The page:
One place I’m grateful the microtransactions don’t reach is the perks system, where players can level up and gain perks that give them mild buffs, like extra jump or throwing enemies a bit further when equipped. Still, I’m not a fan of this system as it makes picking up a new, un-upgraded character a more difficult experience, as those little buffs can give you the edge in battle.
WB Games provided Digital Trends with access to the MultiVersus Founder’s Pack – Premium Edition, so we can’t quite speak to the true free-to-play experience. That said, I guess you can earn enough currency to permanently buy a character (2,000) by the end of the first day or two of play, and that’s on top of getting Wonder Woman for completing the tutorial and free spinning characters. Like most popular free games, MultiVersus is packed with cosmetic and grind-minimizing microtransactions.
Luckily, the base game is fun enough that anyone can play a few matches with the available characters and enjoy it. If you plan on sticking around, you’ll probably want to deposit some money into the game, so it doesn’t become a frustrating experience.
Better than you think
MultiVersus may seem inspired and distinct from a gameplay perspective, but its packaging feels clinical. It’s a shame because MultiVersus‘ are easy on the eyes and can put characters like Bugs Bunny and Arya Stark in the same setting without looking too weird. The soundtrack is also full of great tracks, and I’d love to see more licensed music from the individual properties. It’s a game that shouldn’t work, but it does.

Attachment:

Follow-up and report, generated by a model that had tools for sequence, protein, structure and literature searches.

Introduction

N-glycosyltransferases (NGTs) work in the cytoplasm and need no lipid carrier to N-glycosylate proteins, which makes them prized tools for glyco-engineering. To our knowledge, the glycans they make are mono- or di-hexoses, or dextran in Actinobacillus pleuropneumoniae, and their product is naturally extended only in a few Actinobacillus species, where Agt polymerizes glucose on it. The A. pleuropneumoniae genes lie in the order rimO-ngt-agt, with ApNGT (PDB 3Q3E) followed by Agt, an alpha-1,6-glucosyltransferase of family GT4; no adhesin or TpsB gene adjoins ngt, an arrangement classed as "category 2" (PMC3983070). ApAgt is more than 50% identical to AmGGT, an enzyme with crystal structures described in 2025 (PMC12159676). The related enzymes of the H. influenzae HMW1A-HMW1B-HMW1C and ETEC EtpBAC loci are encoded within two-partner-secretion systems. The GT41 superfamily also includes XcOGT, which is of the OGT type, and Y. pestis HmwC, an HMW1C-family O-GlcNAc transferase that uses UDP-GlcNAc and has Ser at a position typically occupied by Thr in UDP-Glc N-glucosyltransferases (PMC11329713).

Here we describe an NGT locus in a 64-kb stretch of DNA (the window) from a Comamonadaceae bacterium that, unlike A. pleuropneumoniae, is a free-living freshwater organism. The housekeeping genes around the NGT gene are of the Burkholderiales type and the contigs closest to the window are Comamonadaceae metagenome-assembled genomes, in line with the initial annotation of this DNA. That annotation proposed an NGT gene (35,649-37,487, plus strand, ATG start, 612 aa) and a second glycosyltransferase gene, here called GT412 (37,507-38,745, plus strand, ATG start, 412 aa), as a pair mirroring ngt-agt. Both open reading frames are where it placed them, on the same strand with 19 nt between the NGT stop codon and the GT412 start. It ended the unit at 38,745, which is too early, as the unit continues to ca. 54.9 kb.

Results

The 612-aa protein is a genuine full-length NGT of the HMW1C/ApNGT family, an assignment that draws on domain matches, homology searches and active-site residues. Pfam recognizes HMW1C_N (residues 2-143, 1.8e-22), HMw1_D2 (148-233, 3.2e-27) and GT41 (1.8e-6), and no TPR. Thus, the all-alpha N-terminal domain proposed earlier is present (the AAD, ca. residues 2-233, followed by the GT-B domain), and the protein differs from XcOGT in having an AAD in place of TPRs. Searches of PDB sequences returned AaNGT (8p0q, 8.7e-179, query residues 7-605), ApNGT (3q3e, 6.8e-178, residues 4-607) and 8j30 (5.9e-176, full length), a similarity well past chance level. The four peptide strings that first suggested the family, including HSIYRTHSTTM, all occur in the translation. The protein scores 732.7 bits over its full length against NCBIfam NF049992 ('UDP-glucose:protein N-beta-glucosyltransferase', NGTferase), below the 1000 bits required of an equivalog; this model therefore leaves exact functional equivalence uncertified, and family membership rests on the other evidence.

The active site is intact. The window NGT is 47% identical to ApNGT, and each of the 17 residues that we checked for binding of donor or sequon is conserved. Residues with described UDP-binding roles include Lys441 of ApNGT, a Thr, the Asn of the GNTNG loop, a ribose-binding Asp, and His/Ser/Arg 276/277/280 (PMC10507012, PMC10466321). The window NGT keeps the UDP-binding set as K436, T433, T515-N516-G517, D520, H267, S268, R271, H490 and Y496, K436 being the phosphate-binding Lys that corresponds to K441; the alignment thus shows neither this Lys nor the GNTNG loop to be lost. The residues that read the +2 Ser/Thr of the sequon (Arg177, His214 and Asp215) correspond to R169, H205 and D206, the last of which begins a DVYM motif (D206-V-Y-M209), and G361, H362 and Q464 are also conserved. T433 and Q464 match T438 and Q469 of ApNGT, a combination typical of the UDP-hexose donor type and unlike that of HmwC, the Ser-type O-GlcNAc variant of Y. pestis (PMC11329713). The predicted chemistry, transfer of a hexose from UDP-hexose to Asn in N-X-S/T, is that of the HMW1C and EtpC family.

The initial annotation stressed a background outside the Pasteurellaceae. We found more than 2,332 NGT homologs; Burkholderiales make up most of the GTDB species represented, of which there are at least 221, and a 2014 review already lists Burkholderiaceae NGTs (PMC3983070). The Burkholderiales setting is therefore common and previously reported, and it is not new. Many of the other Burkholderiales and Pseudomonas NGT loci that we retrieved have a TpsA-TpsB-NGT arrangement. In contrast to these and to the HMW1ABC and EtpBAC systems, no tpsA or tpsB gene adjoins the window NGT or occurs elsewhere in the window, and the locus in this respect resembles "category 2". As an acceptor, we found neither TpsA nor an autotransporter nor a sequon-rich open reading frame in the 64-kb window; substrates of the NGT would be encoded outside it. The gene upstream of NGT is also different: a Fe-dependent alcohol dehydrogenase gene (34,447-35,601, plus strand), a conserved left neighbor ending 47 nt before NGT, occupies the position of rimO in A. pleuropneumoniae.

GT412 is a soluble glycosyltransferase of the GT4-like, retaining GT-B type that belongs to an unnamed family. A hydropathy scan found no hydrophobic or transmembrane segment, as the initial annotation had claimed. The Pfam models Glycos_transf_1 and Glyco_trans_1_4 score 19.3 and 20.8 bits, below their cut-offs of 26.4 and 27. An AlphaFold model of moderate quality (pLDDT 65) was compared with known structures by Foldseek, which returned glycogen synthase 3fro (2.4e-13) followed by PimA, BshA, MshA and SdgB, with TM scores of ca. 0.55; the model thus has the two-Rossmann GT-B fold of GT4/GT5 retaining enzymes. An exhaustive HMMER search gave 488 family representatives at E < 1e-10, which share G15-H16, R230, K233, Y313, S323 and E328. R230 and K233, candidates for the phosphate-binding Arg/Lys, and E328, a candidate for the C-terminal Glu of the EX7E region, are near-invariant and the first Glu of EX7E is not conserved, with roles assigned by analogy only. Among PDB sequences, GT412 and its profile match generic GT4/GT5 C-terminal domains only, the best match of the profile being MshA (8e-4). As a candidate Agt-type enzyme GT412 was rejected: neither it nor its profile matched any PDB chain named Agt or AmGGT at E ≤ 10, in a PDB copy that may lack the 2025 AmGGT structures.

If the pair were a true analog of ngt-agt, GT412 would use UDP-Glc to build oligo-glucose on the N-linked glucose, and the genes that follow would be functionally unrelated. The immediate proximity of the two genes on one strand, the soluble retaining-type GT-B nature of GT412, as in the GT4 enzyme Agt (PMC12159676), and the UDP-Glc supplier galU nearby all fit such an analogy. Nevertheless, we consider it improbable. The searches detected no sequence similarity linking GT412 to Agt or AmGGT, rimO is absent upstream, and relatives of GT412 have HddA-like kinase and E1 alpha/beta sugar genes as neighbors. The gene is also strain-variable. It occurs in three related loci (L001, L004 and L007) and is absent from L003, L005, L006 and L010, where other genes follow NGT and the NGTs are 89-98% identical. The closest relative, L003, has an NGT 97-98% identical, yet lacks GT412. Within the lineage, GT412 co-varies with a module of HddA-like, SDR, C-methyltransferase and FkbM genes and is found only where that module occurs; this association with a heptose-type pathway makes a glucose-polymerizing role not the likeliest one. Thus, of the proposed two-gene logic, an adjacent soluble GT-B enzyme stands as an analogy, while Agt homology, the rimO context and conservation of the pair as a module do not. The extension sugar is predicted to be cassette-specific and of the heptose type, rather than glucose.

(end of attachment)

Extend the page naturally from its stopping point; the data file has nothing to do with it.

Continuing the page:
Although the overall aesthetic of the game isn’t very captivating aside from the included characters, I still enjoyed every game of MultiVersus that I’ve played, even when I’ve played co-op with random teammates and lost. With full cross-play and restore netcode, it’s a smooth and clean online experience that confidently charts its own space in the platforming combat genre as well.
Now where is Osmosis Jones? I hope he’s behind Ted Lasso.
MultiVersus is not next Super Smash Bros Ultimate; it’s a beast in itself. If Player First Games and WB Games can maintain this game’s community with frequent and compelling updates and make the user experience a little more engaging, MultiVersus should have a bright future ahead of him.
Is there a better alternative?
Super Smash Bros Ultimate is currently the king of platform fighters as the latest entry in the series that invented the subgenre. If you’re looking for more crossover-filled platform fighters, you can also check out Nickelodeon All-Star Brawl and brawlhalla.
How long will it last?
As a free fighting game always receiving new modes and updates, it’s hard to give MultiVersus an estimate of play time. If you plan to unlock every character without spending a penny, you should be busy for dozens of hours.
Should I buy it?
Yes. MultiVersus is a free game, so I recommend fans of Super Smash Bros Ultimate or any of the featured characters, check out the game and play a few matches to see how they feel.
Digital trends reviewed MultiVersus on PS4.